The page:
“God has been incredibly good and faithful to me over this time,” Pitman said. “It’s been busy, but such an incredible adventure. There have certainly been lots of twists and turns, and it hasn’t been without its bruises along the way, but there’s an ongoing sense of Gods faithfulness through it all.”

With the aforementioned locations in Defiance, Bryan and Napoleon, plus Wauseon, Ohio, CPC Women’s Health Resource offers its clients free pregnancy testing, free ultrasounds, post-abortive healing, material support and parenting classes at all four sites, and teaches sexual risk avoidance courses at schools in six counties through the state’s Project Respect program.

While the STI testing and treatment program is currently on hold after a partnering nurse practitioner moved away from the area earlier this year, all four locations are also equipped to offer those services free of charge, which Pitman hopes to bring back on line as soon as possible. 

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At 40 miles from Toledo, the Napoleon clinic is the closest of all four to an abortion business. Together, the four locations served clients with life-affirming alternatives to abortion 3,500 times in 2015, and celebrated the 5,000th baby born through the center’s ministry earlier this fall.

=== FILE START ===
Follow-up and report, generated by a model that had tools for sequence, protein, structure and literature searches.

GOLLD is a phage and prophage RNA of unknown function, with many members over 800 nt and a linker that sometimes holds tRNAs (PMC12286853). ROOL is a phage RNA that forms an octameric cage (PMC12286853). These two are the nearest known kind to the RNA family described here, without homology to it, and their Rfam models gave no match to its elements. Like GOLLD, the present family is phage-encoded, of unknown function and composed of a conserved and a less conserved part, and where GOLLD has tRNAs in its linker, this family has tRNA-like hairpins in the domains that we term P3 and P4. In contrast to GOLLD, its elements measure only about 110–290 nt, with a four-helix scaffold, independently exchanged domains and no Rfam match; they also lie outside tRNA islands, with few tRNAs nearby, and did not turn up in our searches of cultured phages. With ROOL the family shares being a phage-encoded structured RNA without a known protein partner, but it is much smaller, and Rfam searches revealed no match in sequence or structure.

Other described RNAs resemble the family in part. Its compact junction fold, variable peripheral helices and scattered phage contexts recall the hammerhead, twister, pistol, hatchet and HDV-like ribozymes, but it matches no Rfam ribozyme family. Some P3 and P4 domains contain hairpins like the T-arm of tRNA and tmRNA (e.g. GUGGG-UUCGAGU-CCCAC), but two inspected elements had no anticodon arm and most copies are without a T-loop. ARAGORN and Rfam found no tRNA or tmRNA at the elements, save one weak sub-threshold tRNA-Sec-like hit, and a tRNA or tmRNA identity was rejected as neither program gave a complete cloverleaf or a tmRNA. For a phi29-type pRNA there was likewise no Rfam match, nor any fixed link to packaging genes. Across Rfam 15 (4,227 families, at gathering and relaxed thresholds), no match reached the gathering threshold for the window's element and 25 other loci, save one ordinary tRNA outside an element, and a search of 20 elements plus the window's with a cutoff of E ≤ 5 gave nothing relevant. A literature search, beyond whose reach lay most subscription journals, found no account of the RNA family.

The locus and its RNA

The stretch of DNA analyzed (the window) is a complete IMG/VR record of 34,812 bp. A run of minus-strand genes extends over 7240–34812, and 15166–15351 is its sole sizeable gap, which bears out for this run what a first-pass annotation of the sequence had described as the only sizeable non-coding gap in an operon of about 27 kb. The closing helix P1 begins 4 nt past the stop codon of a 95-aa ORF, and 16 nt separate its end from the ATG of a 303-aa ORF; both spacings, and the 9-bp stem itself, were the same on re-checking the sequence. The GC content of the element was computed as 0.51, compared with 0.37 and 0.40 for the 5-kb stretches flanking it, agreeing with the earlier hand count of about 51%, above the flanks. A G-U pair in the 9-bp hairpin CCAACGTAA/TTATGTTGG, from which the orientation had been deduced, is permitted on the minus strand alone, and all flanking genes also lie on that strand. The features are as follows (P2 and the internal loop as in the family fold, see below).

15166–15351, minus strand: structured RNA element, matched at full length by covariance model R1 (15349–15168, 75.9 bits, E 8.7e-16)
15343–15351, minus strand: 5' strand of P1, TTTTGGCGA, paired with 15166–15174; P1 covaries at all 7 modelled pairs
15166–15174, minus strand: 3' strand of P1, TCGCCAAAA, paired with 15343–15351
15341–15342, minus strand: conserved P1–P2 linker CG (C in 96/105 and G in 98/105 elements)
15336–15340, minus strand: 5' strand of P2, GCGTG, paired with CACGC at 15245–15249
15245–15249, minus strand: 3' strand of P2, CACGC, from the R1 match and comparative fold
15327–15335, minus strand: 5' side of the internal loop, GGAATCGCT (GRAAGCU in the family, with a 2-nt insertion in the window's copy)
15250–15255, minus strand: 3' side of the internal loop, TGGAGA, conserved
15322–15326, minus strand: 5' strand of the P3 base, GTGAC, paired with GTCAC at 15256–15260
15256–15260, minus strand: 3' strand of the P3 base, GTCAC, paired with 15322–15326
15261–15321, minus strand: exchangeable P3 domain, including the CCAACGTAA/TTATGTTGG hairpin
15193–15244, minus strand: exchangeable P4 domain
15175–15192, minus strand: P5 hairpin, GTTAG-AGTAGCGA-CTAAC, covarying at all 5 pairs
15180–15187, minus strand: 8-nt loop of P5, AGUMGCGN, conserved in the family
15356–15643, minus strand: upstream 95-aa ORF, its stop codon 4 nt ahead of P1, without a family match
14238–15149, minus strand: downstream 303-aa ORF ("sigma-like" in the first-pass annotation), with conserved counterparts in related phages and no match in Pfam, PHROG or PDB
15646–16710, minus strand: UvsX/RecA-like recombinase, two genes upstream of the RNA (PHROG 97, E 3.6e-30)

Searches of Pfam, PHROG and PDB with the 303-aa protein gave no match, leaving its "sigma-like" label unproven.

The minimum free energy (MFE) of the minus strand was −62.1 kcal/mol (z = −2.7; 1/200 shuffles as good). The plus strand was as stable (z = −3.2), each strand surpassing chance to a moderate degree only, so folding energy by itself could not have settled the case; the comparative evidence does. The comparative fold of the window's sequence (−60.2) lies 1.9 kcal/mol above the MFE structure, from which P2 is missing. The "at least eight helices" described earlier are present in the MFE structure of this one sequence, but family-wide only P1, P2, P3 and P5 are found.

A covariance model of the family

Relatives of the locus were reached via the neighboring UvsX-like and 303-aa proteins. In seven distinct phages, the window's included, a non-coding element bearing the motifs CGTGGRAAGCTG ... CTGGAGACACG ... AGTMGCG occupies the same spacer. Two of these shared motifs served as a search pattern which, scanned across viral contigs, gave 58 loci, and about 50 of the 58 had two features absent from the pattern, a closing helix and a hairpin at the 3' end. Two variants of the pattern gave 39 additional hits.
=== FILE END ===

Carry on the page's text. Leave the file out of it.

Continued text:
“As long as the scourge of abortion continues to remain in our country, we will continue to serve,” Pitman said. “We’re trying to make an impact one life at a time. This is one life at a time, a story-by-story, life-by-life approach. Every client has an individual story, unique in so many ways, and it’s just an incredible blessing to serve.”

The new location for CPC Women's Health Resource in Napoleon, Ohio.
Jay Hobbs

Part-time thinker, full-time husband, daddy, pastor, and baseball fan, Jay Hobbs served as editor of from its 2015 inception through the spring of 2018. Jay served on staff at Heartbeat International from 2012 to 2018, the last four of those years as Director of Communications and Marketing. Jay's writing has appeared at Newsweek, The Washington Times, The Washington ExaminerThe Federalist, The Daily Signal, The Christian Post, CNS News and The Gospel Coalition, as well as several national pro-life news outlets.